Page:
Scaling aerial whale monitoring using active learningJustine Boulent, Researcher at Whaleseeker
Aerial surveys are a key tool to monitor whale populations and define adapted conservation policies. However, the analysis of these images is often done manually, which is both time-consuming and can lead to a lack of standardization. Machine learning is a promising solution, but it comes with many challenges related to the marine environment and to the whales, scarce and moving targets difficult to detect. To achieve a degree of automation, we adopted an approach based on active learning and developed a methodology to assist marine biologists in the analysis of new aerial datasets. The approach allows for faster, more efficient and more standardized analysis.
Satellite-based marine litter detectionDevis Tuia, Assoc. Prof. from EPFL
Marine Litter is a growing ecologic concern that needs to be addressed at a global scale. While satellite and meteorological data is abundant, few advances have been made toward continuously monitoring marine litter aggregated in floating patches on the oceans. In our research, we study how we can leverage high resolution satellite data (Sentinel 2 typically) to detect macro plastics floating on coastal waters. We focus on the problem of semantically segmenting such patches of litter, as well as to the problems of scarce and uncertain labels.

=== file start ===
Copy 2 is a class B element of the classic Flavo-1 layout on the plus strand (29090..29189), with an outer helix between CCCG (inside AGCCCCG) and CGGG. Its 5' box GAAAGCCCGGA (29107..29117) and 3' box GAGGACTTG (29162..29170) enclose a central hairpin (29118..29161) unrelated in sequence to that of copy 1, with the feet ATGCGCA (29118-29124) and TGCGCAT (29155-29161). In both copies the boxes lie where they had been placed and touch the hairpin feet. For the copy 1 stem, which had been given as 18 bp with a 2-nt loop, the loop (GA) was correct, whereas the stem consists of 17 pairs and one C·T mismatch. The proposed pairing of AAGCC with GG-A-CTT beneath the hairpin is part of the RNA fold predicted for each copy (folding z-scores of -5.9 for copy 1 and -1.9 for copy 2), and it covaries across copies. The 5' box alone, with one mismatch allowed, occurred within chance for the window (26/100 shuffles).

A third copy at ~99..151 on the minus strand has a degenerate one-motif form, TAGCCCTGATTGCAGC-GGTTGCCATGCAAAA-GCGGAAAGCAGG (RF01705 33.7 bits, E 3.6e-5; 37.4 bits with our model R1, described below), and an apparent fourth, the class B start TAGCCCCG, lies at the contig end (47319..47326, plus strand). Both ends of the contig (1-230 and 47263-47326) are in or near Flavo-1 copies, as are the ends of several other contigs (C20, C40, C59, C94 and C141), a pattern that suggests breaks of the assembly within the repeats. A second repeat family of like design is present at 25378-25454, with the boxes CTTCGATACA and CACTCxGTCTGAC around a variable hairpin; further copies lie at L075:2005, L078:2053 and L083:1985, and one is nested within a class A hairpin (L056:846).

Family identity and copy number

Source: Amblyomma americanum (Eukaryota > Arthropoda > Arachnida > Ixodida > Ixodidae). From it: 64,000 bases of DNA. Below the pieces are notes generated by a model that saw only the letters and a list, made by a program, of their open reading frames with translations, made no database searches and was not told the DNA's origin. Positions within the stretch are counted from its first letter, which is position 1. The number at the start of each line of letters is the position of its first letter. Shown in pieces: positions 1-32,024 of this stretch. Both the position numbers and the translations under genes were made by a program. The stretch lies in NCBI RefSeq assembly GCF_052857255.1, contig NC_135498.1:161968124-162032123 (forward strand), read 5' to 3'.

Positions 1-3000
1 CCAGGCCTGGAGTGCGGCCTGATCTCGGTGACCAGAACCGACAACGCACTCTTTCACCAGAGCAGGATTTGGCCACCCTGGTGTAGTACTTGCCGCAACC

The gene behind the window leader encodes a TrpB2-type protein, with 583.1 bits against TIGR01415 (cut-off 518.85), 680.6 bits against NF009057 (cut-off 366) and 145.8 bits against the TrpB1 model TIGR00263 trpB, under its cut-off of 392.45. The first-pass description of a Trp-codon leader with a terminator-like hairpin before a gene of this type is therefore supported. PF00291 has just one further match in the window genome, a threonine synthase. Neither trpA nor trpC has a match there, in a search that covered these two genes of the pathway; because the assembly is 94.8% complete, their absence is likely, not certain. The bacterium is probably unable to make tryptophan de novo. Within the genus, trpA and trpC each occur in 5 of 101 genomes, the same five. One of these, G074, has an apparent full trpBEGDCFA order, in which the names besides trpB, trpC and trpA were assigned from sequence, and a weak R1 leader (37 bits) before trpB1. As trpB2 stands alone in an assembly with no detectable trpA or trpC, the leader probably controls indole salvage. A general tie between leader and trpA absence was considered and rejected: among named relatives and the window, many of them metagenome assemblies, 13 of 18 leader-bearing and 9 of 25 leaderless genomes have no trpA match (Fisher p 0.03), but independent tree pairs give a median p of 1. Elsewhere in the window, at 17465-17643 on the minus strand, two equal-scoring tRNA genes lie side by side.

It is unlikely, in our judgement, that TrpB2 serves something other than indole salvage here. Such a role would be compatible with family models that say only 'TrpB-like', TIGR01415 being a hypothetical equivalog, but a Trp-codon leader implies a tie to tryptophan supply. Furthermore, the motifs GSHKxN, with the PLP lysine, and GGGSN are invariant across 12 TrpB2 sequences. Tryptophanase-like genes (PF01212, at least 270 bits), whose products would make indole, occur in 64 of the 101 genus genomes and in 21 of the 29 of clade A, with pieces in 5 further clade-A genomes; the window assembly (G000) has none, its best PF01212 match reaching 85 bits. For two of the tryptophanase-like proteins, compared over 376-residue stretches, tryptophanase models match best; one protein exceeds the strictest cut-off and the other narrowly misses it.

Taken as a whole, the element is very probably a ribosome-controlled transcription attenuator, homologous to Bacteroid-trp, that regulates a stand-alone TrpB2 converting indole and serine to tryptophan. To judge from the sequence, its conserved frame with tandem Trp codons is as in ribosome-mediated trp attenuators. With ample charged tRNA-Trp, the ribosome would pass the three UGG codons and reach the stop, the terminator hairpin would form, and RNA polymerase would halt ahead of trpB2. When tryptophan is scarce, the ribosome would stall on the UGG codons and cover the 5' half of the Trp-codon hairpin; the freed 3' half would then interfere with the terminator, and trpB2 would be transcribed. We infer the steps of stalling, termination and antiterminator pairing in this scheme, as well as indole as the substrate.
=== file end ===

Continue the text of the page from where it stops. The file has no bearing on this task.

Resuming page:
Underwater computer vision challengesKevin Köser, Senior researcher at GEOMAR
Key challenges we have underwater are refraction (at underwater housings), as well as attenuation and scattering of light, in particular for light-equipped robots in deeper waters. In the presentation I will tell what we do about these challenges and show sample applications of mining impact assessment for deep sea polymetallic nodules fields, free ocean gas (bubble stream) characeterization or mapping shallow water munition dump sites in the Baltic Sea. See also https://www.geomar.de/en/omv for some impressions.
UAV based object detection for maritime Search-And-Rescue missionsJulian Dorner, Researcher at SearchWing
Worldwide an increasing number of people are on the move and get into distress on the open sea. To help rescue these people, aerial observations are a key asset for observing the huge area of operation. We develop and build low-cost unmanned fixed wing aerial vehicles and enable non-governmental organizations to operate them in their rescue operations. To be able to analyze the huge amount of images generated by such a live system, an automated processing pipeline is needed, as a pure human-based analysis is not reliable enough. We try to solve this by using machine learning based object detection, projection and tracking to filter the most likely position for an emergency at sea.